As the markets continue to traverse bearish times amid growing COVID-19 pandemic fears, there is a return to normalcy in the macroeconomic market, at least as far as volatility is concerned.
There’s no doubt that COVID-19 has hit markets bad; but the severity is skewed across asset classes, namely commodity, equity, and cryptocurrency. While oil has been on a downward trajectory since the beginning of the year, gold has seen a 7-year high amid the equity sell-off which peaked this week, with the SPX dropping by a massive 15 percent.
Bitcoin, on the other hand, did not see such a straightforward movement. The cryptocurrency is down by 12 percent in a week and up by 22 percent YTD. This short-term sell-off and long-term gain have pushed the coin to regain its position as the most volatile macroeconomic asset.
According to data from Skew markets, the West Texas Intermediate [WTI] oil’s price based on realized or historic volatility, on a 1-month scale, has dropped below Bitcoin’s equivalent.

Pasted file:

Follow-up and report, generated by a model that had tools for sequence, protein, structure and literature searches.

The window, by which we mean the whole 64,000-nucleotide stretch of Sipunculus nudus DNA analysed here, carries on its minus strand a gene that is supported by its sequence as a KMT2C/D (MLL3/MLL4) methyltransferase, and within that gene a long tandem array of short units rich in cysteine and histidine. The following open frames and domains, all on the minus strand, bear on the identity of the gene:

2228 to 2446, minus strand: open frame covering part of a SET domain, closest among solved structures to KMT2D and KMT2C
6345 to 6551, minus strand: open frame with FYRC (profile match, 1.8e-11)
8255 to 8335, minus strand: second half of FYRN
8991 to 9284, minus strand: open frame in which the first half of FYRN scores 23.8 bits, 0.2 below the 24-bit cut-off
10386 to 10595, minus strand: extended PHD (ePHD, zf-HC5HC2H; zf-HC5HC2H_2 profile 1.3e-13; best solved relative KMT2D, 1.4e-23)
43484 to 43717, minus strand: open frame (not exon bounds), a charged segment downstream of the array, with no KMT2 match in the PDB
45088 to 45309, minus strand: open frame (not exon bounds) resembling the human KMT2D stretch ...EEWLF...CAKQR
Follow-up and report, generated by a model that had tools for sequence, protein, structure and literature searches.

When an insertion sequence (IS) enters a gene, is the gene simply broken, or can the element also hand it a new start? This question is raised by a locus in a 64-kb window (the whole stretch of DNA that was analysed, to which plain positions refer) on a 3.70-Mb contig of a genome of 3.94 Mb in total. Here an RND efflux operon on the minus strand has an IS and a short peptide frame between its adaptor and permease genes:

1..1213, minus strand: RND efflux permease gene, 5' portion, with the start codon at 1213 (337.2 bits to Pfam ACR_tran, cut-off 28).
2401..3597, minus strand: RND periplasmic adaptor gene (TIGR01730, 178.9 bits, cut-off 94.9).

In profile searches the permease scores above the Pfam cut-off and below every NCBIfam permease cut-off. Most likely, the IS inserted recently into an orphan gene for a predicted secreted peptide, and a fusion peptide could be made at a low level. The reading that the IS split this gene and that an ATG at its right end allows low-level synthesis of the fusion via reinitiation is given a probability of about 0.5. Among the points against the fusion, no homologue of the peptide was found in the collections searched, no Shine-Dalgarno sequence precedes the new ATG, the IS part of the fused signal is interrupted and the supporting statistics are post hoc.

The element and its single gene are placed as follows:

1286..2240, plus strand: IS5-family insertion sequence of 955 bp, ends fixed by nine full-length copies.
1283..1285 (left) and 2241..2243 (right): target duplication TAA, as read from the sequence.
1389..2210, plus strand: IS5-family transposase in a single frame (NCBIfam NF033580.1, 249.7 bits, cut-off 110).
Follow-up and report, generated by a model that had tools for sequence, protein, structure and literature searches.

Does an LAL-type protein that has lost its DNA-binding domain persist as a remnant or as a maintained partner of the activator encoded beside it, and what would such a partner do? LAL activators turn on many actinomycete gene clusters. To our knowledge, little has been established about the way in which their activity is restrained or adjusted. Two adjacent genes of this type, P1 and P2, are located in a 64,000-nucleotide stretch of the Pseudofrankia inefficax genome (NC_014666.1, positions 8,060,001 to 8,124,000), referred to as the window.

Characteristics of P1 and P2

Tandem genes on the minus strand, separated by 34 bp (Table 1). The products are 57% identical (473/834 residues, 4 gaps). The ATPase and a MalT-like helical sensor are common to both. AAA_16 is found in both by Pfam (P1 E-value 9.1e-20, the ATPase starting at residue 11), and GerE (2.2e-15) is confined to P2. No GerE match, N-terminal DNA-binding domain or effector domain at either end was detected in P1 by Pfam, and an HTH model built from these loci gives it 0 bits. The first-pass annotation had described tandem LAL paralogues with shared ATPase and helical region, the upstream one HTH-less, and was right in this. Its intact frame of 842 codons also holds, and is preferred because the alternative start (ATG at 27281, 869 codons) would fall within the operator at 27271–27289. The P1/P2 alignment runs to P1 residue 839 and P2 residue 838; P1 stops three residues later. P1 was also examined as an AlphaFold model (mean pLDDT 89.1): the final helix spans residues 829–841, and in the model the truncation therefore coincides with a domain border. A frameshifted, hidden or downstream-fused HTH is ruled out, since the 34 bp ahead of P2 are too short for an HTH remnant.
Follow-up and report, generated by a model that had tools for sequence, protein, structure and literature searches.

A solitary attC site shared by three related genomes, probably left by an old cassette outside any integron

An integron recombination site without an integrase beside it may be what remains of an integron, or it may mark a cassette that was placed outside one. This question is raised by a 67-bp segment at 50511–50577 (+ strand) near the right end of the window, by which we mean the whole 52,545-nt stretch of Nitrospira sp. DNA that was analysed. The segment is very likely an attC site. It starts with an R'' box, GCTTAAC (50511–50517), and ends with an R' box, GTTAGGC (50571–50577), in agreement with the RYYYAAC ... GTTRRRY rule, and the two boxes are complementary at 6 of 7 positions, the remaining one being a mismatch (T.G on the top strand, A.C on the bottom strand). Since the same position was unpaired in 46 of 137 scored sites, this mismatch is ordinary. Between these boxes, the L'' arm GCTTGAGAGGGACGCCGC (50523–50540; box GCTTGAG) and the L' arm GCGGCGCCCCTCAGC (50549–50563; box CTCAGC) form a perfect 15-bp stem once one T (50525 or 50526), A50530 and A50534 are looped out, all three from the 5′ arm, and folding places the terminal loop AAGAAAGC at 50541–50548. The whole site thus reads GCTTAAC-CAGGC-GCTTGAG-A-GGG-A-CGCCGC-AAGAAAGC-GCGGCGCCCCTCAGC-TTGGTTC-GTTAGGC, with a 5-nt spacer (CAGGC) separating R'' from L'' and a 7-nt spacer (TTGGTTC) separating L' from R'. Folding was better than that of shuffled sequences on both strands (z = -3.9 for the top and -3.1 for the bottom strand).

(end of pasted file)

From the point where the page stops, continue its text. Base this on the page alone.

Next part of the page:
On 3 January, oil’s volatility spiked from 38.7 percent to 119.6 percent by 27 January, owing to the tensions between the United States and Iran over the killing of Qasam Soleimani. This jump saw oil’s volatility rise over Bitcoin’s and it stayed above for a period of 45 days.
At one point, the difference between the two macro-assets’ 1-month volatility was 65 percent, with Bitcoin volatile at 54.5 percent and oil at 119.6 percent.
Here, it is important to note that the realized volatility metric notes the deviation of the current asset price from its average, and not the direction of deviation i.e. price increase or decrease.
While oil has been on a free fall since the beginning of the year, in contrast to its rise since October 2019, the current drop in volatility is suggestive of this decline being factored into the fluctuation.
The same cannot be said about Bitcoin, however; the cryptocurrency, not following conventional norms, has been varied off-late.
During this market sell-off, Bitcoin’s correlation with gold, on a 1-month scale, reached a 14-month high, surging to 53.1 percent while the crypto’s correlation with the S&P500 was at 23.1 percent on a 1-month scale and its 1-year correlation at a 5-month high.